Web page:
A video charts a mysterious journey, made more eerie by music and voices (actually those of late scientists David Bohm and Francesco Varela) heard through headphones.
Jim said the filmed journey was actually his daily commute from Hexham. There were “lots of different strands,” he said, adding that there were perhaps too many. It’s intriguing, though... and he’s learning.
Liying Zhao with one of her projections in the MFA Exhibition at Newcastle University
Liying Zhao, from China, deftly uses projections to wonderful effect in her show, Nameless Wild.
She said her initial idea had been to add nothing to a room containing just a sink, a radiator and a table. “I wanted to build up a zoo in this human space, this architectural environment.
“I wanted to pose a question to viewers about human activities and nature.”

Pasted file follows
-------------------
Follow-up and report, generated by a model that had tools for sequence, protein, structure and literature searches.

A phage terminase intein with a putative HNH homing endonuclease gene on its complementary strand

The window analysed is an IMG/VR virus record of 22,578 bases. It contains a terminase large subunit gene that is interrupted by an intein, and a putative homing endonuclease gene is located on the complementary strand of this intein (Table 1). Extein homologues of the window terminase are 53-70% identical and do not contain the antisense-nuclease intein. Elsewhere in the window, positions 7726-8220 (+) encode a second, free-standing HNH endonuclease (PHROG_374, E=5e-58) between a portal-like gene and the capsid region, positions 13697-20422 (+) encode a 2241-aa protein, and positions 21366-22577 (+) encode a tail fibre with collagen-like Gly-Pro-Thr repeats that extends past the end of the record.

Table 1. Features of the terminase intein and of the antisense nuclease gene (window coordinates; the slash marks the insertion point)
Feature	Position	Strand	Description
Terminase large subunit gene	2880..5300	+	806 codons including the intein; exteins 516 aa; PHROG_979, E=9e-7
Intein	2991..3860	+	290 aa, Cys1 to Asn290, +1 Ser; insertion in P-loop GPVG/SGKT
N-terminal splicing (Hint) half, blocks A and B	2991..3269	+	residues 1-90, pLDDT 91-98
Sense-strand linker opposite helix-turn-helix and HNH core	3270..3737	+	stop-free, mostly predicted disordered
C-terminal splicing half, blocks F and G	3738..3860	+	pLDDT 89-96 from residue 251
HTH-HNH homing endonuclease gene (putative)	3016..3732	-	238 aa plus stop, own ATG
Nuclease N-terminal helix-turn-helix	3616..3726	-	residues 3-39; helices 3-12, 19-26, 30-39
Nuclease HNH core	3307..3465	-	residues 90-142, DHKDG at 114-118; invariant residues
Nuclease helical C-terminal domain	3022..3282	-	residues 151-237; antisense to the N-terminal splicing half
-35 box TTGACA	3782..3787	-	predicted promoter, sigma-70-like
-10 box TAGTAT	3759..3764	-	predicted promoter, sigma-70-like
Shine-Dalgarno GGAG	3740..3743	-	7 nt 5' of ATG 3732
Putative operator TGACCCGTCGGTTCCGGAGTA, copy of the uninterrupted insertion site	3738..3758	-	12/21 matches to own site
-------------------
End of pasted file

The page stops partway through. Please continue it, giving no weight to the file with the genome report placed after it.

The result is magical – a projected ‘flower’ of human hands on one wall and, apparently balancing on a tap, a little person with a hippo’s head fishing in the ceramic sink below.
There’s a projected tiger-headed woman watering real grasses arranged in the radiator.
“I like to keep my work in between the real and the imagined and I like to put my own narratives into the actual space,” said Zhao.
She considered engaging a model but then decided to pose as the animal creatures herself.
Coming to the end of her two years, Zhao is going home for the first time next month. “I’m so excited,” she said. She will go home and, I suspect, go far.
Other exhibitors are Anna MacRae, Harriet Sutcliffe, Michael Mulvihill, Yein Son, Bex Harvey, Helen Shaddock, Mirela Bistran, James Quin and Mehan Fernando.